Increasing tuition immediately results in rising debt levels for law students, about 90% of whom borrow to finance their legal education. The average debt of private law school graduates went from $70,147 in 2001 to $124,950 in 2011; at public law schools over the same period, average debt increased from $46,499 to $75,728. Debt has been increasing annually by alarming amounts in recent years—at private law schools jumping up from $91,506 (2009), to $106,249 (2010), to $124,950 (2011). And keep in mind that these figures exclude undergraduate debt, which averages around $25,000, and they do not count the interest accrued on debt while in school. On the day they depart law school, the full educational debt carried by law graduates, on average, is greater than the numbers cited above.
Adding college and law school costs together, the price of entry to the legal profession can reach $300,000. Students who attend an elite private undergraduate university and an elite private law school can pay as much as $400,000 in total. This has profound class implications: High tuition is an economic barrier that disproportionately inhibits people from the middle class and below. Entering the legal profession has long served as an avenue of upward mobility and access to power in American society, but high tuition is making this path much harder.
Tuition and debt went up relentlessly at the same time that law grads have struggled through the worst market for legal employment in decades, with many failing to land lawyer jobs, with unprecedented numbers of graduates taking part-time jobs and temporary jobs, and with many earning relatively low salaries. Only 55% of law graduates in 2011 had obtained permanent fulltime lawyer jobs within nine months of graduation.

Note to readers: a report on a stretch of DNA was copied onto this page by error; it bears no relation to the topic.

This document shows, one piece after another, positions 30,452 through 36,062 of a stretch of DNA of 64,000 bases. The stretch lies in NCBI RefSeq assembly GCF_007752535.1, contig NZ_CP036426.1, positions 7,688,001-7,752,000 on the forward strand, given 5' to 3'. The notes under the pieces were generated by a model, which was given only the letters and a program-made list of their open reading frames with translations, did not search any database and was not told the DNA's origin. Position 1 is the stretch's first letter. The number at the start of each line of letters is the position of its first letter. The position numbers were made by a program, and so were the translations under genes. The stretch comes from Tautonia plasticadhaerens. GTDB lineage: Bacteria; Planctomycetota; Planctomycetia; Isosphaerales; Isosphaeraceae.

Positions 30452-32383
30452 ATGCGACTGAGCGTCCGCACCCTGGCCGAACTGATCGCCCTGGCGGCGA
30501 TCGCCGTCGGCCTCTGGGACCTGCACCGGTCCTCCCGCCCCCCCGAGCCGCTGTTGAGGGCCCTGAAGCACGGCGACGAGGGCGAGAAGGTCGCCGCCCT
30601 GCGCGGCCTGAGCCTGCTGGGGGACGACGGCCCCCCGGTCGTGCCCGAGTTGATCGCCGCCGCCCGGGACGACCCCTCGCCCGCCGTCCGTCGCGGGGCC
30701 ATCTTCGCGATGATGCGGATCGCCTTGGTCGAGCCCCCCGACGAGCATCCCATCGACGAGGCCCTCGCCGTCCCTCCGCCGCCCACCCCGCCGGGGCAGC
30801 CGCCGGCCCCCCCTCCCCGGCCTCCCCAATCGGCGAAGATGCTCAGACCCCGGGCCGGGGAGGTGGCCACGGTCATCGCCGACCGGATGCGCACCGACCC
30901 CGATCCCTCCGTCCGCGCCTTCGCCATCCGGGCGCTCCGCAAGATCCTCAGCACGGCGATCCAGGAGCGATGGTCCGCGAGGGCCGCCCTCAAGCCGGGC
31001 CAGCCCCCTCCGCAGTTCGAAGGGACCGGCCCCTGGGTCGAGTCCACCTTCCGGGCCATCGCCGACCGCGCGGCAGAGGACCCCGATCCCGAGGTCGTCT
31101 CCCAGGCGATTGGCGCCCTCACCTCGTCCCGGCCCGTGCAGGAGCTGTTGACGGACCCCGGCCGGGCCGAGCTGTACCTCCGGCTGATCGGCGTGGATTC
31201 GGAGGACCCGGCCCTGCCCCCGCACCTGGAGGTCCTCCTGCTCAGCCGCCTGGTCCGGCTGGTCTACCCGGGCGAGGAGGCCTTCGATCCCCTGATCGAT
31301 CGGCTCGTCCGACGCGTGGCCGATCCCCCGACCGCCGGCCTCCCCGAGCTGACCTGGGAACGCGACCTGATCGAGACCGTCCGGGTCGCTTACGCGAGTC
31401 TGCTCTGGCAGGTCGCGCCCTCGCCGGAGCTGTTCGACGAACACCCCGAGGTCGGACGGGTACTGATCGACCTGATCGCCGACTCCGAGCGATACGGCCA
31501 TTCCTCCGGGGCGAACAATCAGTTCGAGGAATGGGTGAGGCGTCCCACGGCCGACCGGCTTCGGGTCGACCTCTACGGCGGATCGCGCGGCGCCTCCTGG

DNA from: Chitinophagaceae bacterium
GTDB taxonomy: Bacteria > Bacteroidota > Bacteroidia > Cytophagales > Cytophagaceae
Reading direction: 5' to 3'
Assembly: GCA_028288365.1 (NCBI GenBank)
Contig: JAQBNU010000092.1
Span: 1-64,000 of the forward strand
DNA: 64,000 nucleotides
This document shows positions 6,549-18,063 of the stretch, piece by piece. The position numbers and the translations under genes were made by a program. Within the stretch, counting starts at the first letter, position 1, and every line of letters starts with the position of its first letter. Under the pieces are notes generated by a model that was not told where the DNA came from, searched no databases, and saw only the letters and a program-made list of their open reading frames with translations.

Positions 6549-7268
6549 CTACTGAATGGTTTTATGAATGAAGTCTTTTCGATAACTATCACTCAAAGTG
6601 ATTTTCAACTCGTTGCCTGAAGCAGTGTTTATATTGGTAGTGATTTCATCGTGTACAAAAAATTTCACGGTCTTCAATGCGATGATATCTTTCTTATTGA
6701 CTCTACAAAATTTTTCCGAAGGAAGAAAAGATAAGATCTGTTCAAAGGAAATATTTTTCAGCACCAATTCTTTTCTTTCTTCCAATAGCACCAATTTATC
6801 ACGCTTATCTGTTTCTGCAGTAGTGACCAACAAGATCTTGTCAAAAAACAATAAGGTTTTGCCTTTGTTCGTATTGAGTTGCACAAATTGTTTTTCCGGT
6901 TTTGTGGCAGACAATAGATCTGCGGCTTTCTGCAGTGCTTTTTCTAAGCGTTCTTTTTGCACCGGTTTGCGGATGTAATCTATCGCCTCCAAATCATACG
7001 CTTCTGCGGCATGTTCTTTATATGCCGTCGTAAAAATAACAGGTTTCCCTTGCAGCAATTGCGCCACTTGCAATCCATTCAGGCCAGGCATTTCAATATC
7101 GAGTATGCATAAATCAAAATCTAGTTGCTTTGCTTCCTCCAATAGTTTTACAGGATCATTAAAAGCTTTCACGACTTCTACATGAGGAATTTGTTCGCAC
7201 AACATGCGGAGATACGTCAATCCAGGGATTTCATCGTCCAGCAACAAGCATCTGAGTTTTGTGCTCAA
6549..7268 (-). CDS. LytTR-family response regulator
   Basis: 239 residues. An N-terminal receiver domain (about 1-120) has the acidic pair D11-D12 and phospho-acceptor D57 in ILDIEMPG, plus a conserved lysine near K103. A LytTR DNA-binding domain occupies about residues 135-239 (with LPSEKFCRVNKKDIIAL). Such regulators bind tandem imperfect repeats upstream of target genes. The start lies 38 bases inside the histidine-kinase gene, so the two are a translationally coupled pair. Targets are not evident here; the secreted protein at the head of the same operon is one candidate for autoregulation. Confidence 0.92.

A few numbers will illustrate the severity of the situation. The average student debt at the twenty-five most indebted law schools for the graduating class of 2011 is listed below (again, the figures exclude undergraduate debt and the interest accrued on the loans), followed by the percentage of the class in debt.
After the dash, highlighted in bold is the percentage of the graduates at each law school who obtained permanent full-time jobs as lawyers (excluding those entering solo practice) nine months after graduation.
California Western School of Law $153,145 (89%)—39.3%
Thomas Jefferson School of Law $153,006 (94%)—26.7%
American University (Washington) $151,318 (80%)—35.8%
New York Law School $146,230 (82%)—35.5%
Phoenix School of Law $145,357 (92%)—37.4%
Southwestern Law School $142,606 (80%)—34.6%
Catholic University of America (Columbus) $142,222 (92%)—43.7%
Northwestern $139,101 (73%)—77%